Getting Decked Out

Getting Decked Out

Our biggest – and most costly – project of this summer is replacing our deck. We’re only two days into it, and I’ve already learned quite a few things.

  1. Make a plan upfront. We decided to replace our deck last winter, and since we live in the frozen tundra upstate New York, there’s a limited window of time when such a project can be done. To cut costs, my husband decided to dismantle the deck himself. Knowing this would take quite a while, he started in April. But we didn’t start the process of contacting contractors, gathering estimates, and selecting materials, until mid-May. At that point, we learned many contractors have already started filling their schedules. For a couple of weeks, it looked like we’d be spending the entire summer without a deck. ¬†Now I know to allow plenty of time to find a contractor at the outset of a project.
  2. Contractors are not always as professional¬†we might like. My husband spoke with five contractors about our deck, and four came to take measurements and provide estimates. Only three of them ever got back to him with their estimates. One of them eventually declined the job, and offered to provide the names of other contractors he would recommend. We never heard from him again. One gave a firm date by which he’d get his estimate to us, and missed it by five days. One scheduled a call to discuss the job with my husband and didn’t actually call until four hours later. My expectations for contractors have definitely been adjusted.
  3. Expect unanticipated costs. Anyone who’s spent more than a nanosecond watching HGTV knows that there are ALWAYS unexpected costs once a home building or renovation project has begun. We’ve been lucky thus far, but even two days into this project, demolition has taken twice as long as was estimated, and a couple of support pieces that we intended to save have turned out to be rotten and need to be replaced.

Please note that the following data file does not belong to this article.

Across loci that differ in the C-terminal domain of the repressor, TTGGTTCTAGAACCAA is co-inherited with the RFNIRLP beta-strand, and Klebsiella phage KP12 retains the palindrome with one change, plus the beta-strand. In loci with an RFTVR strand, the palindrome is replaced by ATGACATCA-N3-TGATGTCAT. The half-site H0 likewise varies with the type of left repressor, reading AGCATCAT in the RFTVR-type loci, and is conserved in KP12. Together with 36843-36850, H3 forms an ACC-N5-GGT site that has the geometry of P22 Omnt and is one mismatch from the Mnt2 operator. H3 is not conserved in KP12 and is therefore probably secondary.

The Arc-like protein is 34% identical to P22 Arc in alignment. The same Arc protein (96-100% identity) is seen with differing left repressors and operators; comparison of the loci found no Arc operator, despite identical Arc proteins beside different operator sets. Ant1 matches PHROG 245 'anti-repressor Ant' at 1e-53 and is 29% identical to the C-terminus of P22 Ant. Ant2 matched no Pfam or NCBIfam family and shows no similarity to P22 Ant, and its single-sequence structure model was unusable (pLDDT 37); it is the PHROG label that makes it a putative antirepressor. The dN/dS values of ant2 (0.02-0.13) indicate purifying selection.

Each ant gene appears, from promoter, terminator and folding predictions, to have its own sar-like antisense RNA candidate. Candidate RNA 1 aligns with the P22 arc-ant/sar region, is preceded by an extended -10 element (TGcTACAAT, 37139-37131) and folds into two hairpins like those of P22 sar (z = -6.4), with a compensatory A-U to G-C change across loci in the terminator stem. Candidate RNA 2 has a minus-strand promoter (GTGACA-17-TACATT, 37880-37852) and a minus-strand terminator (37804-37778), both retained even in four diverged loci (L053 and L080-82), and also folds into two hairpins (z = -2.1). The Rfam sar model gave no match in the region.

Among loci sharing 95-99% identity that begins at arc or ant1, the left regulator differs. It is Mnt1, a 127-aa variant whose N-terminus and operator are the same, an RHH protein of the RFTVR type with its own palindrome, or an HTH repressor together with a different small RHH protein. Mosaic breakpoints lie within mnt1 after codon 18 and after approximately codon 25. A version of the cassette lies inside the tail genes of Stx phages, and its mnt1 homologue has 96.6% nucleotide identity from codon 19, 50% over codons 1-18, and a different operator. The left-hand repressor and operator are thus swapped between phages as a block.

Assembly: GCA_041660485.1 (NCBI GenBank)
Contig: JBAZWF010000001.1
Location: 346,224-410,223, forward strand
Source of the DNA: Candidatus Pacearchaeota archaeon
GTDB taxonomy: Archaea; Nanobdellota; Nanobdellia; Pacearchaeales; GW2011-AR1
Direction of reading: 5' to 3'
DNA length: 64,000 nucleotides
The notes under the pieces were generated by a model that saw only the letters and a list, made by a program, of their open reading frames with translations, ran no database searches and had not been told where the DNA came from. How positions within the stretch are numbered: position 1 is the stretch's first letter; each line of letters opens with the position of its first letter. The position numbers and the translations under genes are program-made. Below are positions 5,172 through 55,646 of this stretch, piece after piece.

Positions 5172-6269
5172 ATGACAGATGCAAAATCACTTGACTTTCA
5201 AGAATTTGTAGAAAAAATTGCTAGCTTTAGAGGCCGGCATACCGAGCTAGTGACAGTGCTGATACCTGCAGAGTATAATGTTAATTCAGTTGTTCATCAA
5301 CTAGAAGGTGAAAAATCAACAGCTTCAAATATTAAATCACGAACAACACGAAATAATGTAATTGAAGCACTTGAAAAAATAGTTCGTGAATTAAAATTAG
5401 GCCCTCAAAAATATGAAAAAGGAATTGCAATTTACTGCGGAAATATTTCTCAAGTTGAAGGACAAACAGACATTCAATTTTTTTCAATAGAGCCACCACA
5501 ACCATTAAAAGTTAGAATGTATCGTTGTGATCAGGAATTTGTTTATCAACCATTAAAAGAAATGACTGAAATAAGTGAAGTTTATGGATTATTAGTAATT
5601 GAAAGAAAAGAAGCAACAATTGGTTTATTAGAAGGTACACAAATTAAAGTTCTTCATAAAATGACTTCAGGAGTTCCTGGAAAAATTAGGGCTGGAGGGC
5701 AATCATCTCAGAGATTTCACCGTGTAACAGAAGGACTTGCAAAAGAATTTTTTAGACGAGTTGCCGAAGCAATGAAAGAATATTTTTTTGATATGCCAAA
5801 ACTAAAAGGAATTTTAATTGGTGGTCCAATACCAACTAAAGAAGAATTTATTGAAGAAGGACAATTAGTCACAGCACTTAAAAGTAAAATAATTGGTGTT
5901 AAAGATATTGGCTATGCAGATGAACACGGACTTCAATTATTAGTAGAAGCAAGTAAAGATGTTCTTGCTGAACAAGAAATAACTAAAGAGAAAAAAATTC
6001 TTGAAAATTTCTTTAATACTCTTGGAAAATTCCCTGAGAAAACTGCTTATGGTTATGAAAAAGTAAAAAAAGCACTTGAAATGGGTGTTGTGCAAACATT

The deck is supposed to be finished at some time next week, and I can’t wait to set up my lounge chair, grab my summer reading list, and kick back with an iced tea.

Do you have big home projects planned for this summer? How have your experiences working with contractors been?

Author: My Upstate Life

Wife, mom, and lover of books, podcasts, and blogs. Not a fan of cooking, winter, and snakes.

2 thoughts on “Getting Decked Out”

  1. Amazing how people run their small businesses. We had similar bad experiences when getting estimates to have our fence replaced. amazing some of these contractors stay in business. What type of material are you using for the replacement? We have a deck too the needs to be updated.

    1. I understand that they’re often running between jobs, working outside, etc. and that complicates matters, but it was still pretty shocking at how nearly-universal this experience was for us.

      We ended up going with pressure-treated wood. Trex felt like the “best” option, but the materials would’ve been double the cost of wood. Plus, all of the contractors we spoke with said the good quality wood should last for 30 years, if properly treated.

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